Case Tests Federal Supremacy Over Banks

By Kirstin Downey
Washington Post Staff Writer
Saturday, November 25, 2006

The federal government and the banking industry will square off next week in the Supreme Court against all 50 states and the District of Columbia in a mortgage-lending case that could have broad implications for business regulation.

The case, Watters v. Wachovia Bank, focuses on the lending industry. But the broader question it addresses is whether federal regulators can essentially tell state regulators to go away. It's a debate over what is called "preemption." How the court resolves the dispute could affect many other industries.

For more than two decades, states have regulated the mortgage-lending practices of state-chartered subsidiaries of national banks. The parent national banks are regulated by a federal agency, the Office of the Comptroller of the Currency. In 2001, the OCC ruled that state regulation was improper, saying that under federal law those lenders should be overseen by the federal government.

Some states regulate lending matters not covered by OCC rules. For example, Maryland is among the states that set limits on mortgage prepayment penalties.

In 2003, Charlotte-based Wachovia Bank decided that it wanted to be regulated solely by the OCC. It told the states where it runs mortgage lending companies that those firms would no longer register with state officials or abide by local rules.

Many national banks have criticized the patchwork of local regulation intended to stop predatory lending. Other banks have also announced their intention to seek regulation by the OCC alone. They say the proliferation of state and local regulations makes it almost impossible to standardize business practices to maximize efficiency, driving up the cost of mortgage loans and making the banks wary of entering communities with strict lending rules.

Linda A. Watters, Michigan's insurance and financial services commissioner, protested Wachovia's decision. Michigan and the other states say they provide consumers with better protection against predatory home mortgage practices than does the OCC. They say the banks prefer OCC regulation because it is friendlier to them and because the federal agency focuses on whether the banks are protecting investors and depositors instead of borrowers.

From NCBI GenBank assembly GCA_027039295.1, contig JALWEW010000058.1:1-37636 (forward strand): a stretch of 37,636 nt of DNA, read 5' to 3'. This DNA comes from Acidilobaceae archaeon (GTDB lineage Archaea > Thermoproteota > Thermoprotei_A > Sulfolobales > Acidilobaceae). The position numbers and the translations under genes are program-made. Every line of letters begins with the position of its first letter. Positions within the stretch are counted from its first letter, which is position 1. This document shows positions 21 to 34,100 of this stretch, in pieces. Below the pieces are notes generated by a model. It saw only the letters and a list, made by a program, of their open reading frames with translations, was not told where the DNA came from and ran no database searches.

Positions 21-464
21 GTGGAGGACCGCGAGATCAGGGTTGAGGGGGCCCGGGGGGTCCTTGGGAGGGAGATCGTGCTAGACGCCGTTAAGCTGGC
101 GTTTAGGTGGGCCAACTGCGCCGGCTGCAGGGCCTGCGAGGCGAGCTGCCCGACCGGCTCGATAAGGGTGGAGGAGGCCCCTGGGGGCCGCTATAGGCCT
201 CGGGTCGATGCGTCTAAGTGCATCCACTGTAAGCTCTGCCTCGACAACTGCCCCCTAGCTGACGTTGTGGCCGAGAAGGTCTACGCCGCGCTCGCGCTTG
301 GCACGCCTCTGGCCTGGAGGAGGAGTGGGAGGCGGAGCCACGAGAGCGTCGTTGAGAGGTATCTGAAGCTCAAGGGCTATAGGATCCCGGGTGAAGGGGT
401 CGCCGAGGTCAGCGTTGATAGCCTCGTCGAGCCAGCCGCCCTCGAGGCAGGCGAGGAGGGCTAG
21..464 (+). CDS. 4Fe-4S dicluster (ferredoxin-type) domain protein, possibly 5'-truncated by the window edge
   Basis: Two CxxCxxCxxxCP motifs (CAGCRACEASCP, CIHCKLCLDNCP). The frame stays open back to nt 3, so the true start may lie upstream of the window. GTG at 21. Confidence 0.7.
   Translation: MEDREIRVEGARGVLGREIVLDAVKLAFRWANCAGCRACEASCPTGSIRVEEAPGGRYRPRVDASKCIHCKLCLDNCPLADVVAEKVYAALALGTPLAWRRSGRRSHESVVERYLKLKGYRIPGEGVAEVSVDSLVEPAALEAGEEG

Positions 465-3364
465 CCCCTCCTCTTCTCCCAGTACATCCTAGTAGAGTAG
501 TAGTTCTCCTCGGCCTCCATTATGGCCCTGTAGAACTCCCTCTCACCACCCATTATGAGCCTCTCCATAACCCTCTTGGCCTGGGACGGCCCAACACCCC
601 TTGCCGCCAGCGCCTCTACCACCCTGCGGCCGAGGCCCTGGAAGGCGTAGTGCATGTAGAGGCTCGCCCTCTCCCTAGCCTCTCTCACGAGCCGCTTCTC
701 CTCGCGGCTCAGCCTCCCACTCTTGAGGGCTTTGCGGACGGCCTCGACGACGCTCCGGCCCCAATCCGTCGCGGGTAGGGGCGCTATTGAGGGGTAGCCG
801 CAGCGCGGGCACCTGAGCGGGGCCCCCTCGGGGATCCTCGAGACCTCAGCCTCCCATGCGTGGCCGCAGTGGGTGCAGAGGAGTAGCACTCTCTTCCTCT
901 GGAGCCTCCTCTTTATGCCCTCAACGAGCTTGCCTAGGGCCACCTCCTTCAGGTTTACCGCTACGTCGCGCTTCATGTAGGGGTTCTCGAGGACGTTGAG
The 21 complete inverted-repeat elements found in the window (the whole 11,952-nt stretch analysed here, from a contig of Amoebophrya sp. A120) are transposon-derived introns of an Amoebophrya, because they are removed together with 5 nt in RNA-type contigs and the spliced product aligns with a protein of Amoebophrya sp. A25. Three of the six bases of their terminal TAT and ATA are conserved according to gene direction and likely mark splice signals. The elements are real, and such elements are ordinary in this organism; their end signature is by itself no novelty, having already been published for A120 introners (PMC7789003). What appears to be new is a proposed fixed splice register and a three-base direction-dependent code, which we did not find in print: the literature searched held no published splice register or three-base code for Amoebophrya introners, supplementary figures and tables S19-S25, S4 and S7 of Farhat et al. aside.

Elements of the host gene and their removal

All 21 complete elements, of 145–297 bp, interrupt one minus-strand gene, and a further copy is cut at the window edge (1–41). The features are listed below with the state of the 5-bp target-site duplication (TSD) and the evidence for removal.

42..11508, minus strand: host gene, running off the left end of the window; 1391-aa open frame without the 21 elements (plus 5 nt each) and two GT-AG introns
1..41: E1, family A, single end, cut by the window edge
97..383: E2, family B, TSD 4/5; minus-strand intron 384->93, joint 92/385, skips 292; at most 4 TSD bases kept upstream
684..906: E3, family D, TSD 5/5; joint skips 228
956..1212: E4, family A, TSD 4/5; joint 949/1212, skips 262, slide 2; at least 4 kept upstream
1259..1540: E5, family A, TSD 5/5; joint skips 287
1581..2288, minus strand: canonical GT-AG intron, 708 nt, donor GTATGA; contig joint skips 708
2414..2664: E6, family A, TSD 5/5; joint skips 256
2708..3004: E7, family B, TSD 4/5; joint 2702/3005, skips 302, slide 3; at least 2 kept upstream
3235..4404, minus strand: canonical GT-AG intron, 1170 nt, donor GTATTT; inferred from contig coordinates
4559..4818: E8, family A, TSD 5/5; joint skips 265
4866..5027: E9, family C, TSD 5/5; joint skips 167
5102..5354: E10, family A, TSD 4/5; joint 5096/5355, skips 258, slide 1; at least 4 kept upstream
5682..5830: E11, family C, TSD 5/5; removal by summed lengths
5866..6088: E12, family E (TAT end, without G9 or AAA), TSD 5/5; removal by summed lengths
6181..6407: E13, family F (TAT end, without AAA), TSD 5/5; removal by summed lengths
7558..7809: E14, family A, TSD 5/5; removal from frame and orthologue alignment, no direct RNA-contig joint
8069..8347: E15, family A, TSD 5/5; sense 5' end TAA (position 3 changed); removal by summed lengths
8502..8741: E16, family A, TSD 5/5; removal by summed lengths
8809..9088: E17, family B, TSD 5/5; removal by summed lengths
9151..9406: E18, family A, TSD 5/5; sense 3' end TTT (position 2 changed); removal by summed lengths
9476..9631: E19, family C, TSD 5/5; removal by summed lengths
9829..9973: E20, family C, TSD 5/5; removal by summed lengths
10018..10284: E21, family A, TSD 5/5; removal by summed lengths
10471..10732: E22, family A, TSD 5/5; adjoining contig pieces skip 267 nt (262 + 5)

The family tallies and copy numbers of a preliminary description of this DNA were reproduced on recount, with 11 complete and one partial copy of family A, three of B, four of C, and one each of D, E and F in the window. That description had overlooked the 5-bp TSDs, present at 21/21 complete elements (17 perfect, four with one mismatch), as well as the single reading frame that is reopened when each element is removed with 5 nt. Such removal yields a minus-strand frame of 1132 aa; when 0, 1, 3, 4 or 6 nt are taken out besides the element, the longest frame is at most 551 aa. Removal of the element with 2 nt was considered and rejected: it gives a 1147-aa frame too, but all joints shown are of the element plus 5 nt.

Wachovia sued Michigan, asserting that the National Banking Act of 1864 gives federal regulators supremacy over state laws. Wachovia won on the District and Circuit Court levels. Other banks similarly prevailed against state regulators in lower and appellate courts. Michigan appealed.

The Supreme Court took the unusual step of agreeing to hear the case, although the lower courts had agreed to grant control to the OCC. The high court seldom hears cases in which lower-court judges have been unanimous in their rulings. Now both sides wonder what the justices' decision to take the case may mean: Will they approve the preemption practice or overturn it?

The first clues are likely to emerge Wednesday, when oral arguments in the case are scheduled. Both sides have mustered support for their viewpoints.

The brief on behalf of all the major banking trade groups, including the American Bankers Association and the Mortgage Bankers Association, was co-written by John D. Hawke Jr., who was comptroller of the currency when the 2001 rules were drafted, and Theodore B. Olson, U.S. solicitor general from 2001 to 2004.

"We hope it's a signal to the court that the banking industry is unified in where we think this case should come out," said Gregory F. Taylor, associate general counsel for the American Bankers Association.


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